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Archive for the ‘softwares’ Category

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This is the first release candidate for Firefox 3.5, the latest version of the Firefox web browser. As a member of our beta audience, you are being updated to this version to help test and preview the new version before it is released to the general public.

 

The new Firefox is faster than before, supports new web technologies, improving performance and ease of use and has features like –

  • Improved tools for controlling your private data, including a Private Browsing Mode.
  • Better performance and stability with the new TraceMonkey JavaScript engine.
  • The ability to provide Location Aware Browsing using web standards for geolocation.
  • Support for native JSON, and web worker threads.
  • Improvements to the Gecko layout engine, including speculative parsing for faster content rendering.
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    This release is available in more than 70 languages and you can download it here.

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    This notifier along with Windows 7’s taskbar and jump list makes a powerful application –

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    Unread messages count –

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    Easy preview of messages –

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    Get work done faster with jump lists – everything you wana do is just click away.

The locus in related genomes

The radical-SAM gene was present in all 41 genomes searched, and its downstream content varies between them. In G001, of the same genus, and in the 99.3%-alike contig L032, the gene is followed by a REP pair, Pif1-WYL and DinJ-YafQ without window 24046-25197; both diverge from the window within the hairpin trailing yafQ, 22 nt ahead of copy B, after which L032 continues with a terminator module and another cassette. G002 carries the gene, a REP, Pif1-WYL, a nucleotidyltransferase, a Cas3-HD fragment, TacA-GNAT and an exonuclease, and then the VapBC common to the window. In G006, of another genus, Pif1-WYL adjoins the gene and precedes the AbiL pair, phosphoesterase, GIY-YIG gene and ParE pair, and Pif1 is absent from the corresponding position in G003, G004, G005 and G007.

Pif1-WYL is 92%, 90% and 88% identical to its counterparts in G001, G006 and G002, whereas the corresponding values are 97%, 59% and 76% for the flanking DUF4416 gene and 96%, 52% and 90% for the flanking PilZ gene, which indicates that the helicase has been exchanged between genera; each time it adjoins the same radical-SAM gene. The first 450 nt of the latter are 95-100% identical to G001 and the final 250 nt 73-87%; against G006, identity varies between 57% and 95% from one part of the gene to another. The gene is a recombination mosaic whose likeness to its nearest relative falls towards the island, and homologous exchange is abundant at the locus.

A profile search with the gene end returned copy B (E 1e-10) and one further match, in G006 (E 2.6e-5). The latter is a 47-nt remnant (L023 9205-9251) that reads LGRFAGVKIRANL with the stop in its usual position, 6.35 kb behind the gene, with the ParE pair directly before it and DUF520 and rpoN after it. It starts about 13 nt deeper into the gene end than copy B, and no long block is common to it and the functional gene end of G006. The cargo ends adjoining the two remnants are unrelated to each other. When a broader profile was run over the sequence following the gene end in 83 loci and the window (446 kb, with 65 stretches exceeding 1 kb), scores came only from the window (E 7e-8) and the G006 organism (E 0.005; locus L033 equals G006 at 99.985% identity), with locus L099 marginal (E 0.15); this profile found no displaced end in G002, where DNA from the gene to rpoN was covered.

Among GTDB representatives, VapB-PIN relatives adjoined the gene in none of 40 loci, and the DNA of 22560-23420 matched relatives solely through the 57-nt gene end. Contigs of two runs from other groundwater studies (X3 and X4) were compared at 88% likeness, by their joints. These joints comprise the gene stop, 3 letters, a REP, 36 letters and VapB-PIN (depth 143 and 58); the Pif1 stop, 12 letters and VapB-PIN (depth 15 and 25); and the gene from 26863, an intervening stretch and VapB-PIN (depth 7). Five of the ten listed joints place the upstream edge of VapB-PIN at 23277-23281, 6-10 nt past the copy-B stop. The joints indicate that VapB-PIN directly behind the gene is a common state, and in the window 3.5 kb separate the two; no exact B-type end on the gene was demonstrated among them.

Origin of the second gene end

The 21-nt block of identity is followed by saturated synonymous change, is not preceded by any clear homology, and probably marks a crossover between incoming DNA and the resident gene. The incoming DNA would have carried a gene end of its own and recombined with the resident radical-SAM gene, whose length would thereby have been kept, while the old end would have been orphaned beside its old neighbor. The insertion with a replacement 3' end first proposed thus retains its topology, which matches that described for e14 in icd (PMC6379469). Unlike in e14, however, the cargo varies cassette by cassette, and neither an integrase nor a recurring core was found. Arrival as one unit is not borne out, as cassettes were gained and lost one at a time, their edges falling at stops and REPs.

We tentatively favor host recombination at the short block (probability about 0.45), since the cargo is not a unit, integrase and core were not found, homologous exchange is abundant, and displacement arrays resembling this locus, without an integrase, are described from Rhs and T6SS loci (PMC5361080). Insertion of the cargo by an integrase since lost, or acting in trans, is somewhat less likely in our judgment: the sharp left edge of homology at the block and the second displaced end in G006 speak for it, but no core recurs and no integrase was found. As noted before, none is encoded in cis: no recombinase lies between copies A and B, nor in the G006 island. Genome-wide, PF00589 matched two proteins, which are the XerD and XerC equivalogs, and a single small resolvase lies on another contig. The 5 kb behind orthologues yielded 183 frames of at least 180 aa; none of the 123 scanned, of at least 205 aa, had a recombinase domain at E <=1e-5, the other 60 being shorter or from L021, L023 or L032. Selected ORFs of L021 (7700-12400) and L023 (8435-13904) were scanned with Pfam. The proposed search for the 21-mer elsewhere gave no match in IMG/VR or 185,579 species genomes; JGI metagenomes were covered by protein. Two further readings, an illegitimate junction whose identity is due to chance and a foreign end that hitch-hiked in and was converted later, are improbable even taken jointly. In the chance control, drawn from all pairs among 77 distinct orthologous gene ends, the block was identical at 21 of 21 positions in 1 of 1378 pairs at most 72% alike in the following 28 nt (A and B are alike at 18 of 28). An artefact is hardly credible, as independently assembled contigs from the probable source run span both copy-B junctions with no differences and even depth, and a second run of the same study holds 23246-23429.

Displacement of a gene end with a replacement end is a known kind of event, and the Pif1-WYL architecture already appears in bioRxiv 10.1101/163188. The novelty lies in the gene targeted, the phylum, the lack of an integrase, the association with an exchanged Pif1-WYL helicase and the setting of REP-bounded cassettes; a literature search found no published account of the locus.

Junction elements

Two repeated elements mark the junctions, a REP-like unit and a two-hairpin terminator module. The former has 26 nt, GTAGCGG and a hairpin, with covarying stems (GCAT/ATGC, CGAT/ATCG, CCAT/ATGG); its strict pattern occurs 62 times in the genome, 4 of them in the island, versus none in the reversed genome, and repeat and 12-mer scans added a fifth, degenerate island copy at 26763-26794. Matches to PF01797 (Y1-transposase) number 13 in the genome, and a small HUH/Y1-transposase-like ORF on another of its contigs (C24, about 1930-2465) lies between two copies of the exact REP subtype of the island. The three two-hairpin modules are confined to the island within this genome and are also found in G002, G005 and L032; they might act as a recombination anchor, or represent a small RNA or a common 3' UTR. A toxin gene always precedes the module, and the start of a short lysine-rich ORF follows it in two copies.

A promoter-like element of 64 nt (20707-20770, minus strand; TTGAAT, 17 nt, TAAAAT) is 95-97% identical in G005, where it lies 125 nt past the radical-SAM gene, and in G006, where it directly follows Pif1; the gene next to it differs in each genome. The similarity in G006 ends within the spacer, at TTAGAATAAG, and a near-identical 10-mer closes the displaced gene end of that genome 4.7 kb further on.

5

    And that’s about it! It is using Gmail secured RSS feed to retrieve the mails so it should be pretty safe. Credentials are saved using a machine’s dependent encryption. Here are some more screens:

    6 7 8

    You can get Gmail notifier plus for Windows 7 here.

    [via neowin forums]

     

     

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    w7

    Ok…. The official Windows 7 Release Candidate is now available for everyone through Microsoft’s Customer Preview program.

    Here’s what you need to know –

    1. This is pre-release software, so please read the following to get an idea of the risks and key things you need to know before you try the RC.
    2. You don’t need to rush to get the RC. The RC will be available at least through July 2009 and we’re not limiting the number of product keys, so you have plenty of time.
    3. Watch the calendar. The RC will expire on June 1, 2010. Starting on March 1, 2010, your PC will begin shutting down every two hours. Windows will notify you two weeks before the bi-hourly shutdowns start. To avoid interruption, you’ll need to install a non-expired version of Windows before March 1, 2010. You’ll also need to install the programs and data that you want to use. (Learn more about installing Windows.)
    4. Protect your PC and data. Be sure to back up your data and please don’t test the RC on your primary home or business PC.
    5. Tech details/updates: Before installing the RC, please read the Release Notes and Things to Know for important information about the release.